The tenth FICCI Frames entertainment convention got underway in Mumbai today (Feb 17) with industry leaders chewing over the impact that the global financial crisis is having on the local film and television industries.

Although domestic box office picked up in the fourth quarter of 2008, India's film industry is facing a liquidity crunch that is making it difficult to raise fresh capital. According to a KPMG report, film industry revenues are expected to remain flat at around $2.2bn (Rs109.2bn) in 2009, due to the declining value ofancillary rightsand lower number of releases (see separate story).

'We are feeling the effects, but this is also the time to sit down and reorganise,' said Yash Chopra, chairman of the FICCI entertainment committee and Yash Raj Films. 'This is a time for correction and introspection.'

Kunal Dasgupta, CEO of Sony Entertainment Network, acknowledged there has also been a downturn in the television industry, but pointed to encouraging developments in 2008 such as the launch of the Indian Premier League, the top-rating Colors channel and an increase in original animation content.

'The way to beat recession is through innovation and this is one of the few markets in the world which is still innovating and growing,' Dasgupta said.

Despite the slowdown, around 2,000 Indian and 800 foreign delegates from 25 countries are attending FICCI Frames, with the US as the officialpartner country and a large delegation under the umbrella of the UK Film Council (see separate story). The three-day event is organised by the Federation of Indian Chambers of Commerce and Industry (FICCI).

Intel Corp vice president, legal & corporate affairs, Donald M. Whiteside - who is heading up the US delegation - flagged up some of the concerns of the US entertainment industry which has stepped up its investment in India in recent years. These include regulatory barriers, high entertainment taxes and lax protection of intellectual property rights. 'We can meet the challenges of the worldwide economic crisis by seizing the opportunities provided by working together,' Whiteside said.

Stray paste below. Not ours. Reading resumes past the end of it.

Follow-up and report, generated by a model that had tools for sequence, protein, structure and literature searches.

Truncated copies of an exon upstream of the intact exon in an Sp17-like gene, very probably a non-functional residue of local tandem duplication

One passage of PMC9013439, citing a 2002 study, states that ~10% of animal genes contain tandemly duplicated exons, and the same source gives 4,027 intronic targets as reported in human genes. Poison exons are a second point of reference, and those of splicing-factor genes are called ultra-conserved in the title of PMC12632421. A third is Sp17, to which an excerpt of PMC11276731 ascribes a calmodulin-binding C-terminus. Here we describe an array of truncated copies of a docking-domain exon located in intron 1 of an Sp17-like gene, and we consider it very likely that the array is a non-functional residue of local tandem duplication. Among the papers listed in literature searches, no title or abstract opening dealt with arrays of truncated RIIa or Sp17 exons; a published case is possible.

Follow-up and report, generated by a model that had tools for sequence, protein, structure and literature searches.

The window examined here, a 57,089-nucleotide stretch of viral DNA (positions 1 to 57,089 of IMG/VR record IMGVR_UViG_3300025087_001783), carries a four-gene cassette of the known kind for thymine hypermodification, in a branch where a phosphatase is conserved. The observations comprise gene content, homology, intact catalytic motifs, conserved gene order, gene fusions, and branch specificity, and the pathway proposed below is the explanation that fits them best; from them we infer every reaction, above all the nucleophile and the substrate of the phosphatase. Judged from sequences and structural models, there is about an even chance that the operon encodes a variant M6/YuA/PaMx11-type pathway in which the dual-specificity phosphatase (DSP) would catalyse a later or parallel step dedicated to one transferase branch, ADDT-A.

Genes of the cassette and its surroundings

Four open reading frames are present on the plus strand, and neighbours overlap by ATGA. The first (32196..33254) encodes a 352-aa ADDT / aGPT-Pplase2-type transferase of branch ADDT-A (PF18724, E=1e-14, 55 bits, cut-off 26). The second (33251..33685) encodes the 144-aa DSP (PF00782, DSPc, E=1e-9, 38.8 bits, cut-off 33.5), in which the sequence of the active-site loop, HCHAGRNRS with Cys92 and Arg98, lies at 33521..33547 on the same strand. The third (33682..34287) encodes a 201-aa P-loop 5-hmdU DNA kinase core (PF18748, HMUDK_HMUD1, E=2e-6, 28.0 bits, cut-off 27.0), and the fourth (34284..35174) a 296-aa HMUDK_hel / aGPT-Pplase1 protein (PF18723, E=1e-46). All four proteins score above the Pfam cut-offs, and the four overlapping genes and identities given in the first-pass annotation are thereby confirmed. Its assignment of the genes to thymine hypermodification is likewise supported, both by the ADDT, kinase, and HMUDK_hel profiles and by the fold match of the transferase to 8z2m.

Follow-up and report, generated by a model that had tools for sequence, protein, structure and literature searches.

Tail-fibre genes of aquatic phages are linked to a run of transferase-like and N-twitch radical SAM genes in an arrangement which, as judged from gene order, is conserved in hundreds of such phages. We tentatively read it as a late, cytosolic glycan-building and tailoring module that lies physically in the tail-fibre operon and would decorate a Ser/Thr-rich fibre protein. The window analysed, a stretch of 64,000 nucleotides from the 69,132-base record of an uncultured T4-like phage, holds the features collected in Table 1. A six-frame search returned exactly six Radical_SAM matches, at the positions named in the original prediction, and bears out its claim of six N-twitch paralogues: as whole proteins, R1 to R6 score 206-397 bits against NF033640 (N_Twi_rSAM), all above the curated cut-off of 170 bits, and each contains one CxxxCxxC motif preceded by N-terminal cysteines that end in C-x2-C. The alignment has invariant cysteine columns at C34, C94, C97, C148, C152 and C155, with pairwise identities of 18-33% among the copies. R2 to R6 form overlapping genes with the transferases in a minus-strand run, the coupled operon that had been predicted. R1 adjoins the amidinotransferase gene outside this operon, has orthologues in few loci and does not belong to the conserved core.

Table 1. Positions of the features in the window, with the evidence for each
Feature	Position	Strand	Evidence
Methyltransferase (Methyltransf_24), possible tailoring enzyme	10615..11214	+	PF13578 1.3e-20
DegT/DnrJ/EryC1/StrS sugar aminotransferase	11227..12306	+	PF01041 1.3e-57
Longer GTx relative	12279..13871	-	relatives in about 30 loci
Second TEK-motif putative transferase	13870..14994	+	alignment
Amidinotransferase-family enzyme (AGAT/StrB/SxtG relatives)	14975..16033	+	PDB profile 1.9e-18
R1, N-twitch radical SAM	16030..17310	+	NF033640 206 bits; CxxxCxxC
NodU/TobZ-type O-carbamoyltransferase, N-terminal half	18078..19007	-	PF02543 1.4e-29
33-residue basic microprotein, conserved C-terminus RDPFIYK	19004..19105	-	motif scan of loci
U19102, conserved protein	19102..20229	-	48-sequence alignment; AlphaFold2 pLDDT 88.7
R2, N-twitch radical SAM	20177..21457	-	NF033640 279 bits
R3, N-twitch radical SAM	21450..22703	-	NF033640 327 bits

Also attending the opening ceremony were Information & Broadcasting and External Affairs minister Ananda Sharma, actress Deepika Padukone and filmmaker Karan Johar who is taking over Yash Chopra's role on the FICCI entertainment committee next year.

Sharma said the government would consider FICCI's calls forIndia's entertainment tax to be subsumed into the goods & services tax which is being introduced in April 2010.

In a later session, India Today chairman Aroon Purie outlined one of the major problemsfacing the Indian broadcasting industry, which is thehigh carriage fees charged by cable operators. 'Consumers pay around $3bn (Rs150bn) to cable operators while net earnings for broadcastersare only (Rs10bn) - this is patently unfair,' said Purie. 'The government should be addressing this issue and not looking at how channels are priced.'

Among delegates scheduled to speak in coming days are NBC Universal International president Peter Smith, producer Barrie M. Osborne, filmmaker Shekhar Kapur and UTV chairman Ronnie Screwvala. Actor Danny Glover is also scheduled to make an appearance.

The event wraps on Feb 19 with the presentation of Living Legend Awards to actors Sharmila Tagore and Shashi Kapoor.